A to execute Mr Briggs would directly contravene the explicit terms of the Inter-American Court's binding order and thereby constitute a flagrant breach of Trinidad and Tobago's international legal obligations...the execution of Mr Briggs under these circumstances might well entail the individual responsibility under international law of those state agents who ordered this illicit act"
The execution of Russell Sankerali
"The Facts of the Matter" states: Since the execution of Russell Sankerali a campaign of misinformation has been carried out by Amnesty International and others alleging that Sankerali was wrongly convicted and should not have been executed.
[The Clint Huggins tape] "....was really a matter to be considered by the Executive arm of the State. It was certainly not a matter for either the Judicial or Legislative arms."
Amnesty International has never stated that Russell Sankerali was innocent. The organisation's position has been that the Clint Huggins tape, provided to the Attorney General on the eve of Russell Sankerali's execution, should have at least been supplied to the lawyers representing Russell Sankerali, who then should have been allowed sufficient time to pursue the matter in the courts.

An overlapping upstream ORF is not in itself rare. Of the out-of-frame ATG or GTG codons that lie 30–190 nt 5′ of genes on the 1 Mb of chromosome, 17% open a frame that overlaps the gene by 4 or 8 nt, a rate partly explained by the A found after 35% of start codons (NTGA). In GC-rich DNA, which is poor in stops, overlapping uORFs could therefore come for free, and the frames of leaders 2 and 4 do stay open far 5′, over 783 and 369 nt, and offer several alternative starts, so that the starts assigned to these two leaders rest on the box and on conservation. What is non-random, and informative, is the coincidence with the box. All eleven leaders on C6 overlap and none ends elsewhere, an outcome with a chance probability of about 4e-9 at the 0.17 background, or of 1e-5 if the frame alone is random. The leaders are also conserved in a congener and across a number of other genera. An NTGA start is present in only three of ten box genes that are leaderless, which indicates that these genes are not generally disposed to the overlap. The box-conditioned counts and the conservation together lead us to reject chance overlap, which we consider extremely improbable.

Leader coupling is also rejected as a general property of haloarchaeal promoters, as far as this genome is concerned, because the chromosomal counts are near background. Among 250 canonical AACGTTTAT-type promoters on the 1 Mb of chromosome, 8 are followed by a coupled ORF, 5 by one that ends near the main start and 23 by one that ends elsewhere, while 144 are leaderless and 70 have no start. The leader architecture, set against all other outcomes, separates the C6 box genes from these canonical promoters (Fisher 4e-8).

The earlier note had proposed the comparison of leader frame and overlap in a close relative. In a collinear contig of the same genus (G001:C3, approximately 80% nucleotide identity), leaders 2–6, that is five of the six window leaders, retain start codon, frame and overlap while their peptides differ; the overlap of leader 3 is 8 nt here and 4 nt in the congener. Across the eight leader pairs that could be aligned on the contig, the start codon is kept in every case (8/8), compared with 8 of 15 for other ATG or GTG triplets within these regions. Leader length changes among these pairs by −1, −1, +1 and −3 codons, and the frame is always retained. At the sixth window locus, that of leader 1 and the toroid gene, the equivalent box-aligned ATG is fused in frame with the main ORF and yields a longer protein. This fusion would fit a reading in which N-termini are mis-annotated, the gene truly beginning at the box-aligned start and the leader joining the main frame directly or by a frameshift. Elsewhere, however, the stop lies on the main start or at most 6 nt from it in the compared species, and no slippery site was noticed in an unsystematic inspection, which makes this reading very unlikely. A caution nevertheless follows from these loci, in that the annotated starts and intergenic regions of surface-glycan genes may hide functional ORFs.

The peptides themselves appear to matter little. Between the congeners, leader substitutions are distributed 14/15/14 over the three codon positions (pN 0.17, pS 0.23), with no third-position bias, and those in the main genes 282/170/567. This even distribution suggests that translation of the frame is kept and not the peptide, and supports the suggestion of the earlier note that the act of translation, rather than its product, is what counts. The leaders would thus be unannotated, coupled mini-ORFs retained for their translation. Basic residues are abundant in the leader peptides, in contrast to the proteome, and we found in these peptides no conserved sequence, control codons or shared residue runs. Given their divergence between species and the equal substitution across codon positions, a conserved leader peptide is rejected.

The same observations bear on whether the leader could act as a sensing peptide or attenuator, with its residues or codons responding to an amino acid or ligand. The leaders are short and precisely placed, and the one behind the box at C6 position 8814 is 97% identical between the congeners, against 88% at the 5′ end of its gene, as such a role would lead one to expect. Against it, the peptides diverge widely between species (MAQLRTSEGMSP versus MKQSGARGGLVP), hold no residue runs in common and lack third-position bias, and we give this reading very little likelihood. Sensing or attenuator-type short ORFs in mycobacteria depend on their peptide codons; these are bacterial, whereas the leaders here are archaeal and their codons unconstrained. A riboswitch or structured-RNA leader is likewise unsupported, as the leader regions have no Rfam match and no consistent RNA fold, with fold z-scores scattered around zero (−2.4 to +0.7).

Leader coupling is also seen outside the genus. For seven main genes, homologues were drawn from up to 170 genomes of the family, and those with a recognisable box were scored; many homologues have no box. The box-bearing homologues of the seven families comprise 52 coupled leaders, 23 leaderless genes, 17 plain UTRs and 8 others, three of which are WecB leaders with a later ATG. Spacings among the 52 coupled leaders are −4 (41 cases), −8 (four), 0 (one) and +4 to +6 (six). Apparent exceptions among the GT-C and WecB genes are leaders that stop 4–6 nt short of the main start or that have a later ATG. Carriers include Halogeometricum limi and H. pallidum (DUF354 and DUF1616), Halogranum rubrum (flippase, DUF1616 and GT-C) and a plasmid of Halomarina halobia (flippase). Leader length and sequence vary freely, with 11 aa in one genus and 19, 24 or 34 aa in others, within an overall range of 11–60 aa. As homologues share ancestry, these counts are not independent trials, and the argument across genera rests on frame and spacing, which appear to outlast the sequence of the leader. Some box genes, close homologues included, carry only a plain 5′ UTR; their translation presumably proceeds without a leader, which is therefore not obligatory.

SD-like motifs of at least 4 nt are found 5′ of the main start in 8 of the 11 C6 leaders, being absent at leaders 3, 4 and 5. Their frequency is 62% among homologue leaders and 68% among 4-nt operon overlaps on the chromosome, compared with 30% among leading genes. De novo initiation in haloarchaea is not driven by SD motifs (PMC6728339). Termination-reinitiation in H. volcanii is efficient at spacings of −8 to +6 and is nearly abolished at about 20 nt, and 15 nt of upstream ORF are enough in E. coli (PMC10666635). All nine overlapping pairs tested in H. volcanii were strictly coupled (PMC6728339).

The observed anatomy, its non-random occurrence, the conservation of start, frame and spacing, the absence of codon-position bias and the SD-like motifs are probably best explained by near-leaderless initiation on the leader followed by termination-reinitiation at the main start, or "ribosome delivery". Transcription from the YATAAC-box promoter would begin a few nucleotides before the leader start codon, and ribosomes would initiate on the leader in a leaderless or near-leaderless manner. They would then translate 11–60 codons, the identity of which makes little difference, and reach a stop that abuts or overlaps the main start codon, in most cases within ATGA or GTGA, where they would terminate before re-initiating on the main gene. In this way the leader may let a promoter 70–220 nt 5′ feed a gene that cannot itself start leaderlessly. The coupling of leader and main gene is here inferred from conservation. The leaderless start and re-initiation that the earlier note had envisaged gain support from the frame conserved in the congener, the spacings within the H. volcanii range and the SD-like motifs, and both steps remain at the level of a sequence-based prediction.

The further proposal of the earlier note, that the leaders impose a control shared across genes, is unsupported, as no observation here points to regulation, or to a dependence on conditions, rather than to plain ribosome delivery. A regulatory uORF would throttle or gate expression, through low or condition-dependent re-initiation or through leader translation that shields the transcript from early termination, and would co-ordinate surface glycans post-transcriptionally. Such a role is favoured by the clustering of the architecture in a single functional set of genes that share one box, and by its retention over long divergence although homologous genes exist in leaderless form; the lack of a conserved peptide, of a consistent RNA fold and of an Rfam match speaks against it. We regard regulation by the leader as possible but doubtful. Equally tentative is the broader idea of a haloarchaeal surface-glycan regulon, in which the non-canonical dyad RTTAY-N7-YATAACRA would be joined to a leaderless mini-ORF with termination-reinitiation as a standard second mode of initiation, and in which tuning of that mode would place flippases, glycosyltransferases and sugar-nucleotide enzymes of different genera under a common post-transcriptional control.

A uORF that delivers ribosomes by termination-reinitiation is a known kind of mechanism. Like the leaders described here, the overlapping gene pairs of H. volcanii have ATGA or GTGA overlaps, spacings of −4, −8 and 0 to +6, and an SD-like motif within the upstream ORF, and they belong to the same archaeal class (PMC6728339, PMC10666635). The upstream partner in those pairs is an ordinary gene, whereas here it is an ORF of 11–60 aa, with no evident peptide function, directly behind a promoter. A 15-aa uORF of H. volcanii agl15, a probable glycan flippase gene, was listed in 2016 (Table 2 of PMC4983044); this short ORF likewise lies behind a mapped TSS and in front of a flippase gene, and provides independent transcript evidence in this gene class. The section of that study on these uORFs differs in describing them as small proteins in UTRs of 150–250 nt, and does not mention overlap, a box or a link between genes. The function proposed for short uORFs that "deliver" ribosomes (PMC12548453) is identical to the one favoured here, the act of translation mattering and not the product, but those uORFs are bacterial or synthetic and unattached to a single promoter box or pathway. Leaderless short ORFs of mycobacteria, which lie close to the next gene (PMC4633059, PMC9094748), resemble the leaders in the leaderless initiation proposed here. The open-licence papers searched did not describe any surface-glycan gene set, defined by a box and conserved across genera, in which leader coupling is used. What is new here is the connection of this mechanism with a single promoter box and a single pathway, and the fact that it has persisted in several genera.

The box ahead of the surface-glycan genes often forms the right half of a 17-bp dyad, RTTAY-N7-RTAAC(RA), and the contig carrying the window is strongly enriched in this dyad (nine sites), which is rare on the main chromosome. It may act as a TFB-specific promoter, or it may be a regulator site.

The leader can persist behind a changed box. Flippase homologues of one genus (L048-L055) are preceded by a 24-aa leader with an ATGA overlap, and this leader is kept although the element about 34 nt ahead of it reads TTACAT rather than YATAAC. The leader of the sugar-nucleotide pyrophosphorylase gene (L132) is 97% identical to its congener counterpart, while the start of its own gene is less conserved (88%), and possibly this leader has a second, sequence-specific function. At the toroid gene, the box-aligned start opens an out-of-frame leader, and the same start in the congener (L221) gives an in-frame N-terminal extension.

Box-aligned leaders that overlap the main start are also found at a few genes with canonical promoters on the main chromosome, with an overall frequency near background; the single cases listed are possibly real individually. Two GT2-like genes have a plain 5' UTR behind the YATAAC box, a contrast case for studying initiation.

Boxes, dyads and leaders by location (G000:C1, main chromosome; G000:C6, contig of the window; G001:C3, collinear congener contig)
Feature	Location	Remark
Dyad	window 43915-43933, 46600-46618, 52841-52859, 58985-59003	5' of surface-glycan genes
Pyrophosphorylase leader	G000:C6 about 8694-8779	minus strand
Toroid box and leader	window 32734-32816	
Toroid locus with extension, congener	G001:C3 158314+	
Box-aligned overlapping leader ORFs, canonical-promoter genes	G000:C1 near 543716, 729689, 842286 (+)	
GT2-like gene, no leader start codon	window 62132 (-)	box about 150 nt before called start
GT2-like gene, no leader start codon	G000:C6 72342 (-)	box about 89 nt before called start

Amnesty International considers that the decision about the legal relevance of the evidence should have been made by a court and not by the Prime Minister, Minister of National Security, the Director of Public Prosecutions and the Attorney General, without notice or presence of Russell Sankerali's lawyer.
Indravani Pamela Ramjattan
Amnesty International is concerned that the authors of "The Facts of the Matter", knowing that Indravani Pamela Ramjattan had been found by the Court of Appeal to be suffering from Battered Women's Syndrome at the time of the murder of Alexander Jordan, still seek to portray her as a cold and calculating killer.